Stratman50th

    Mouseketeer
    Joined
    Nov 17, 2019
    Interesting to add-on a receiver hitch. Makes sense if it can pull it.
    Utility trailers aren't that heavy really and all you have to do is get them moving. There's a lot of torque in electric motors, plus I'm not running a race with it. I'm not doing anything ground breaking either. I started looking on Amazon and there's a bunch of hitches on there for sale. That was my biggest concern too, how to get the trailer into the site. There is no backing a 10' utility trailer with my coach so the cart was the only way to go. I have my eye on a new Silverado that I'll put the cart in the bed of when we travel, but that's down the road. I'm more worried about the cart on the trailer than anything else.
     

    2goofycampers

    Sounds like something a camping trip could cure!
    Moderator
    Joined
    Feb 10, 2008
    We have a 48V 2007 Fairplay which is a knock off of an EZ-GO. It goes around 20MPH. We love it. Get Trojan batteries they are worth the extra $.
     
  • tiggerdad

    I don't always get distracted but whe...SQUIRREL!
    Joined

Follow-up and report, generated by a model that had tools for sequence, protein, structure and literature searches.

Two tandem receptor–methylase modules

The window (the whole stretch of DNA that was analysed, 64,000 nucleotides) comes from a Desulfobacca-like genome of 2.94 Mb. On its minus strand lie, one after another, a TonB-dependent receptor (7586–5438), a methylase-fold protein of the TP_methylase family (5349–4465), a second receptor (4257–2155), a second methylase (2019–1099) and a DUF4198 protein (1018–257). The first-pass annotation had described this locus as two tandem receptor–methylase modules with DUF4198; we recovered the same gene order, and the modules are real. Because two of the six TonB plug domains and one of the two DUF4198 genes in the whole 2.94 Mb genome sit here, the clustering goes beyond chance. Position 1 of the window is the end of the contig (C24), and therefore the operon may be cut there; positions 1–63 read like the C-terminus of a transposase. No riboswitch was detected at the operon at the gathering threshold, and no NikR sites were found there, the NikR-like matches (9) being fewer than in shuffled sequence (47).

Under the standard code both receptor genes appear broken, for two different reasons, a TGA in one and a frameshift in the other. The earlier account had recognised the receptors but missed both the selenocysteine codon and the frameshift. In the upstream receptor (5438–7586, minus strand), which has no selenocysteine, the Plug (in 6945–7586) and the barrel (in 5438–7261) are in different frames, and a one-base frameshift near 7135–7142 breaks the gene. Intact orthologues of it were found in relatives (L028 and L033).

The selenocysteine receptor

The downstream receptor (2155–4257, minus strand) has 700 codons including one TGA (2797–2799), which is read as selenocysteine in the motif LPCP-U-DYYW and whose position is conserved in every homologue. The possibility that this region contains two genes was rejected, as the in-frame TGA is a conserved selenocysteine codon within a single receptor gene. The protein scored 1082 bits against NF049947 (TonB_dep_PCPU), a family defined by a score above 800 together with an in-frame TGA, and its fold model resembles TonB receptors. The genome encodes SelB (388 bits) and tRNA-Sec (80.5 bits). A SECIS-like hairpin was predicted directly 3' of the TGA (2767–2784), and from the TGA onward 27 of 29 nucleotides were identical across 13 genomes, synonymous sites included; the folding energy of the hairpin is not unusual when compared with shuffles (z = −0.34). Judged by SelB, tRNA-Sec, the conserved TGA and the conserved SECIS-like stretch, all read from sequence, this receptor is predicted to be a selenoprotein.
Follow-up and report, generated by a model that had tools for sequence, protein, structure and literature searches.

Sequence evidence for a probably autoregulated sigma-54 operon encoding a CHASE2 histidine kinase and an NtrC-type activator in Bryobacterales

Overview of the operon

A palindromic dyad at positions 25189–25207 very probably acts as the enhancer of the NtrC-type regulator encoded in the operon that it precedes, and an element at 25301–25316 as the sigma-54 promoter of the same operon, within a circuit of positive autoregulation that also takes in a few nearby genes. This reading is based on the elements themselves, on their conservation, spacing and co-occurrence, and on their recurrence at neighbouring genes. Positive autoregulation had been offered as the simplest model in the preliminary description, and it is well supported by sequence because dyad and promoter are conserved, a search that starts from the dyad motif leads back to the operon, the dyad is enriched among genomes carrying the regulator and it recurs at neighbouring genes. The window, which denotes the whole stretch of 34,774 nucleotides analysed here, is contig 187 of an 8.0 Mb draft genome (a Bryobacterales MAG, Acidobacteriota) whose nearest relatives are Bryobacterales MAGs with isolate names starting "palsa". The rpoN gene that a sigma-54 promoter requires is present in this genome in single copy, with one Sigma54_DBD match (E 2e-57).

Jul 8, 2009
    We have a 48V 2007 Fairplay which is a knock off of an EZ-GO. It goes around 20MPH. We love it. Get Trojan batteries they are worth the extra $.
    Agree about using Trojan batteries. The difference in performance and longevity is worth the extra money.
     

    jbrostek

    DIS Veteran
    Joined
    Mar 16, 2011
    Utility trailers aren't that heavy really and all you have to do is get them moving. There's a lot of torque in electric motors, plus I'm not running a race with it. I'm more worried about the cart on the trailer than anything else.
    1800 mile round trips and never had an issue beside the tire in that picture which was one hour after I hit debris on the road I could not avoid.

    488198

    We have a 48V 2007 Fairplay which is a knock off of an EZ-GO. It goes around 20MPH. We love it. Get Trojan batteries they are worth the extra $.
    True, quality batteries are a must. We been using Trojan or Interstate and avoiding any knock off brands.